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Alan Patricof: VC business (mostly) as usual

August 9, 2011: 11:44 AM ET

How the public market meltdown could affect venture capital.

Alan Patricof

Legendary venture capitalist Alan Patricof is distressed by the political conditions that have created our economic morass, but doesn't believe it will have much of an impact on his early-stage investment business.What follows are excerpts of a conversation he and I had last night:

What was your day like? "It was a typical Monday. We had three companies come in and did our regular portfolio review. I've been through so many of these situations that I've learned you just ride through it.

I wasn't going to watch the market open and check my Blackberry every hour. Most companies in my world are at such an early stage of growth that this doesn't affect them, and with my personal portfolio the worst mistake you can make at this time is to make decisions irrationally. So had I been paying a lot of attention, I still wouldn't have done a thing."

Macro impact on VC market: "The concern, if anything, is that the people who are now buying positions in companies they think are in the pre-IPO last round have some very exorbitant ideas about where valuations deserve to be. I can't blame them, since they've looked around at LinkedIn and others that have gone public, but my experience is that this part of the market will quiet down…

A lot of people have adapted their practices to have big funds that put lots of money to work in order to ride that pre-IPO wave, and investment bankers are chasing everybody and putting sugar-plums in their heads. That carousel may be about to stop turning."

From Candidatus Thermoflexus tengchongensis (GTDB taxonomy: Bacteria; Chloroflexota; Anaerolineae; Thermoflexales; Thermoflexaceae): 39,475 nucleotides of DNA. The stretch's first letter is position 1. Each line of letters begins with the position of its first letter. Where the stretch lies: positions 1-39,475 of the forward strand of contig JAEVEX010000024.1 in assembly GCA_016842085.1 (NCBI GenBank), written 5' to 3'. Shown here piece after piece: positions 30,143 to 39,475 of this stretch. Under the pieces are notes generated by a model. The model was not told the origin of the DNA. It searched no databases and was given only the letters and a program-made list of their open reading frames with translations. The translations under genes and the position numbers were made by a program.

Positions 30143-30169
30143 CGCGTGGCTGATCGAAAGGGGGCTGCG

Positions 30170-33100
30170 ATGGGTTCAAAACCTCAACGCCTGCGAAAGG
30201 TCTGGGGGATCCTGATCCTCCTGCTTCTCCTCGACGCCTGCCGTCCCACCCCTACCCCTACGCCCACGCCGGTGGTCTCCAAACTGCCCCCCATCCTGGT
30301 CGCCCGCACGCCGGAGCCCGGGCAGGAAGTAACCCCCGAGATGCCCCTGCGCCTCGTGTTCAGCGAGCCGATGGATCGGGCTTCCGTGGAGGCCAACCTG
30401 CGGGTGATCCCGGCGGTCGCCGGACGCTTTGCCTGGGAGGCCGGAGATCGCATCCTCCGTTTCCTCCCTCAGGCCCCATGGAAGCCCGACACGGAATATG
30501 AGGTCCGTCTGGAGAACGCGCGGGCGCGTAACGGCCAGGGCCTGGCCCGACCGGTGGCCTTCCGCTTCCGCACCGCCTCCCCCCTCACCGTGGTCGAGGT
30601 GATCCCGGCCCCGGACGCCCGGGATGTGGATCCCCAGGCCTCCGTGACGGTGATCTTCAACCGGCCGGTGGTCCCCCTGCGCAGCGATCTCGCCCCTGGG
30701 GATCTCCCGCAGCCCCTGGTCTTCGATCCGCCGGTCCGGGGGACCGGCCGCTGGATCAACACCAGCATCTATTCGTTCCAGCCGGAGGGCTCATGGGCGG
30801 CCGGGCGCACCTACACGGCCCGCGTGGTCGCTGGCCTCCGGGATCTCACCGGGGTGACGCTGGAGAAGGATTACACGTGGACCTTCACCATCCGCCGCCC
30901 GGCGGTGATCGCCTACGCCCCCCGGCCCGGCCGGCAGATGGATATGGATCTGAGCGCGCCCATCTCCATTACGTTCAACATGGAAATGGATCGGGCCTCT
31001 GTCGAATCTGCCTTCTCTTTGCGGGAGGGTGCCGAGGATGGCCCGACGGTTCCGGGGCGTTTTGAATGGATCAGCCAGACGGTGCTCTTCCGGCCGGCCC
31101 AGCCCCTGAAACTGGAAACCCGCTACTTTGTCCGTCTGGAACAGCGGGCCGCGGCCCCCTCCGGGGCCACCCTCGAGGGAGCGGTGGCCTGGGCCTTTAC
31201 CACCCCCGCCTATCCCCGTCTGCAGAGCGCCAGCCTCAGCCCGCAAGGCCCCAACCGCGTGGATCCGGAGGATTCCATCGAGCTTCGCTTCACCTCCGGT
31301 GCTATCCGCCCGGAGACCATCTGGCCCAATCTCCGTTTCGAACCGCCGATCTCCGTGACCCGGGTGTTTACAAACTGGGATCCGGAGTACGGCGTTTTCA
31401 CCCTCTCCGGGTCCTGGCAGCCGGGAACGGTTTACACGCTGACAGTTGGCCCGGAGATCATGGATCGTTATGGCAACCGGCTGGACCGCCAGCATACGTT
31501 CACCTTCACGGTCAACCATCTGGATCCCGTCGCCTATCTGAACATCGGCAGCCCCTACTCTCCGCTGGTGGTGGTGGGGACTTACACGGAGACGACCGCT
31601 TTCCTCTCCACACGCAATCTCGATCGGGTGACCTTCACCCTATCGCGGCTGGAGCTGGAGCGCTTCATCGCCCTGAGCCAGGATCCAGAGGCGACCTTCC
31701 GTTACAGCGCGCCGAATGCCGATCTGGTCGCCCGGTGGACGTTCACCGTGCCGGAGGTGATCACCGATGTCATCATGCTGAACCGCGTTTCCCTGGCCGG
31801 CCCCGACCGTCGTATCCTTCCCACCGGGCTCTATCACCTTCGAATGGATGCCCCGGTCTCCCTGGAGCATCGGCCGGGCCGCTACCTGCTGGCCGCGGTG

On the possible decline of angel investors: "Fewer angels would be a very positive trend as far as I'm concerned, because that's where a lot of the irrationality has come in. A lot of earlier-stage deals that would have been priced at $2 million six or twelve months ago have risen to $7 million pre-money because of angels, particularly here in New York."

Worried about the IPO window closing? "I think I'd take issue with your characterization of the IPO window having been broadly open. The market has been pretty limited, to Chinese issuers, oil drillers, metal companies and tech companies in the consumer business. Most importantly, almost all of those companies have valuations in excess of $250 million, whereas 90% of business in digital media, where I focus, have sold for under $100 million. That's why IPOs are never part of our exit strategy when making an investment."

Thoughts on the political situation: "I was very disappointed by the decision that came out of Congress last week. I thought it was almost the worst of all worlds. The problem is clearly bigger than $2.5 trillion or even $4.5 trillion. Until Congress and everyone else finds a way to deal with our fundamental problems, then things could continue to get worse…

It's a shame. If you look at all the people who make a lot of money and who were willing to accept higher taxes because they felt it was justified, even the farmers, it's amazing to think something couldn't get done just because a bunch of Congressmen signed a silly pledge to Grover Norquist…

I don't know if S&P did the right thing, but if nothing else it was a courageous position to take."

Will the "Super Congress" be effective? "I think they'll get done what they need to, because I don't think they have a choice. To do something more substantial, however, I think they'll have to wait until the next go around."

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About This Author
Dan Primack
Dan Primack
Senior Editor, Fortune

Dan Primack joined Fortune.com in September 2010 to cover deals and dealmakers, from Wall Street to Sand Hill Road. Previously, Dan was an editor-at-large with Thomson Reuters, where he launched both peHUB.com and the peHUB Wire email service. In a past journalistic life, Dan ran a community paper in Roxbury, Massachusetts. He currently lives just outside of Boston.

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